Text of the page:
It being summer, it also happens to be a time of year when us educators are faced with the frustrating situation of explaining away certain myths about our jobs. One still prevalent is the “summer off”.
I know that the university calendar tells you that there’s no class over the three-month span between June and September. I am also aware that conventional ideas about summer equate to vacation, beaches, volleyballs, and children frolicking in fields of free time.
But let me assure you, simply because school’s out for summer doesn’t mean that we get “three blissful months” of sitting on our couches binge-watching Netflix. I can’t speak for everyone (especially because primary and secondary education are two different ballgames really). That said, I would like to give you a sense of what my summer, as an adjunct, a PhD Candidate, and a working artist, consists of:
So all that time during the “working semesters” when I’m not actually standing in front of a classroom teaching is generally reserved for teaching-related tasks. I have to prepare lessons, grade, deal with administrative issues, answer emails, meet with students, prepare exams, prepare projects, and monitor attendance (amongst other things). Since I am not in a situation where I am guaranteed work semester-to-semester, I also have to submit resumes, look for work for the coming semesters, and also work a few spare jobs on the side just to make ends meet. This means that my time to research and write is at a premium. As a PhD candidate, my primary focus needs to be finishing my dissertation. Summers mean that classroom-teaching-related-tasks go away and I can reclaim that time specifically for my dissertation project.
I Look for Work
As I mention above, I am not in a situation that guarantees work semester to semester (this is true for many adjuncts, by the way… having a long-term relationship with an institution makes your chances at acquiring work better, but does not guarantee you anything no matter how good you are at your job). This means that summertime is spent fervently applying to as many universities as possible hoping that enough of them will throw me a writing 101 or Theatre History class for the next semester. What with the way universities hire, I may not know whether I am, in fact, teaching a class until the week (or even days) before I step into the classroom. In some rare instances, I may be asked mid-semester to take over a class on a rush basis and come in same-day or next-day to teach someone else’s curriculum from someone else’s slides off of someone else’s syllabus.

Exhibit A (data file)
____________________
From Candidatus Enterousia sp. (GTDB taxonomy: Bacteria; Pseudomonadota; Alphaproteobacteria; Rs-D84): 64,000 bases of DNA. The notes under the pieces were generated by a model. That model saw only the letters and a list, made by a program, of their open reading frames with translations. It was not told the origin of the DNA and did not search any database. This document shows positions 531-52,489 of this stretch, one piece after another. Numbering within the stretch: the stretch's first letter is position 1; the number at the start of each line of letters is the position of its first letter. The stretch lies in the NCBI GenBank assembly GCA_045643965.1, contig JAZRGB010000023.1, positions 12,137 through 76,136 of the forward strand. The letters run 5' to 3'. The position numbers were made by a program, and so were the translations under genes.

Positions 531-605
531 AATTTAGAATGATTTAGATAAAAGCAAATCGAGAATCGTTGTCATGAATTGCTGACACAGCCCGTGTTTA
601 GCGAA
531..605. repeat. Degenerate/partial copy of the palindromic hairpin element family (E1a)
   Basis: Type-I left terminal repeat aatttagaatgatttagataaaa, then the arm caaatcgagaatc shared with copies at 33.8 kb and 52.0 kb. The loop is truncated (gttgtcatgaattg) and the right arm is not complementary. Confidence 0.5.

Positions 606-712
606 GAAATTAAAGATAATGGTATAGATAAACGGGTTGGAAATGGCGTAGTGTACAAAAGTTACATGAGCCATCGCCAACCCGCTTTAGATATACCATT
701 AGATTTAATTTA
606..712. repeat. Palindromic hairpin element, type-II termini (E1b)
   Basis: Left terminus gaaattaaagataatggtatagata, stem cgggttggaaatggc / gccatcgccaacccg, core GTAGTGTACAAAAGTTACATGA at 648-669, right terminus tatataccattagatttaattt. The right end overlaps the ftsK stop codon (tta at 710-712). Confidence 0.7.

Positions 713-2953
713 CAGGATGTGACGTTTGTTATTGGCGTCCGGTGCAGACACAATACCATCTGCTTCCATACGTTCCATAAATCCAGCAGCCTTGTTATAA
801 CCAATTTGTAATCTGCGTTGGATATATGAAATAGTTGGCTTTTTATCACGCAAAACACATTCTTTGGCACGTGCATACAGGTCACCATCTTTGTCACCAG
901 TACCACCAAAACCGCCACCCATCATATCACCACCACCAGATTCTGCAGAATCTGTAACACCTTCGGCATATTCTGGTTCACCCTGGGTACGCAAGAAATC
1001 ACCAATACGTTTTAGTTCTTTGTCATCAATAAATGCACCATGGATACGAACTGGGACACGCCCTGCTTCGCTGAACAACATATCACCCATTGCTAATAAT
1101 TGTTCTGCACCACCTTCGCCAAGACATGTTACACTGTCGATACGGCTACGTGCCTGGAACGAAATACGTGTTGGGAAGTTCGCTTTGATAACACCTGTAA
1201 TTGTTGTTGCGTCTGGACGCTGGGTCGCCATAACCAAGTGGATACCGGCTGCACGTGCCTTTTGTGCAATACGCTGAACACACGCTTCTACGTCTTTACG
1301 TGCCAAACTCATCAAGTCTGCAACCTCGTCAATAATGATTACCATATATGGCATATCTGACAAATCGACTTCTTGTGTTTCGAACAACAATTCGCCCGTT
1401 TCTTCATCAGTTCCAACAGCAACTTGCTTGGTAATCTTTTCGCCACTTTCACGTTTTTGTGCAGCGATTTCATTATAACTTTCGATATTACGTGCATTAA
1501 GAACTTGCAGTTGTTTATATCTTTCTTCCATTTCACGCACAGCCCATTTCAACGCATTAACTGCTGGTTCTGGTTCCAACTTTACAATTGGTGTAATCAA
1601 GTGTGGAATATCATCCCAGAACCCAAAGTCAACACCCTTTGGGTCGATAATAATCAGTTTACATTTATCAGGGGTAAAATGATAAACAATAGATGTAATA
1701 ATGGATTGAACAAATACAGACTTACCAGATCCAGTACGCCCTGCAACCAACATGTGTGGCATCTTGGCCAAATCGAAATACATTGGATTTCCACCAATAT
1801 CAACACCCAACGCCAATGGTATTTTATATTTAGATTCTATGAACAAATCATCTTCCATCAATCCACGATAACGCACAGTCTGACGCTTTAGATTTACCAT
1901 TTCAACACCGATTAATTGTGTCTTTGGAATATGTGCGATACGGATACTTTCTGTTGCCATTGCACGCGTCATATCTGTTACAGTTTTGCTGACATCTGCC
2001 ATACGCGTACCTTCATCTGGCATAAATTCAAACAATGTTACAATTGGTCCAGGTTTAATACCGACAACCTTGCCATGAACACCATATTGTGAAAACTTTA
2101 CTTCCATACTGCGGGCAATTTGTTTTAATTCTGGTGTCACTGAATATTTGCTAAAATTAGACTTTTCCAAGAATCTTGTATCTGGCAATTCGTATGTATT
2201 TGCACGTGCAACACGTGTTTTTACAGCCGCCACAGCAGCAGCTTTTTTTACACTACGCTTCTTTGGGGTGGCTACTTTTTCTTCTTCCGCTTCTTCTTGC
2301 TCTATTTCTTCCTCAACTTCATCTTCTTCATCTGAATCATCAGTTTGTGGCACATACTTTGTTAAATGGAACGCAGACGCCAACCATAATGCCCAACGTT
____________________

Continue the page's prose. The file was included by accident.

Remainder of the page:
I Work as Much as I Can
Since teaching as an adjunct is not a guaranteed thing, and since the pay is generally poor enough that eking a living out doing it is nearly impossible, I have several side jobs. During the summer, in addition to the above-tasks, I also take on as much extra work as possible in hopes that I can squirrel money away to pay bills should next semester prove a bit lean.
I Battle my Mental Demons
Dissertation work is very isolating. Since summertime means that campus is very empty and I’m not generally leaving my house on a regular schedule to teach or run errands, it also means that I have a lot of time to spend by myself with my thoughts and my work. This can lead to some very unhealthy mental habits and thought patterns including (but not limited to): workaholism, depression, anxiety, and the host of physical complications which come with these troubles. Because of items 1-3, summertime can be extremely tough on a PhD Candidate, and a great deal of maintenance is required to ensure that we keep ourselves healthy. For me, this generally involves a high level of athletic activity (I’m currently training for a half marathon and a Spartan race); running several times a week ensures that I have micro-goals unrelated to my stressors which I can accomplish, that I leave the house and get some vitamin D with frequency, and that endorphins give me a little boost when I need it. I can’t recommend some kind of intense physical training in combination with dissertation-writing more; it has seriously changed my Diss-game dramatically.
All of this is not to say that Dissertation work is not rewarding (it is) or that I am not lucky to be where I am with my career path (I am), but to ask you to think a bit about some harsh realities. Particularly before you remark to your teacher friends that they are so lucky to have the summer off, or that you wish you could have three months of guaranteed vacation every year.
And on that note, I suppose I should return to my top priority: the ever-present dissertation. Cheers, all! Stay cool!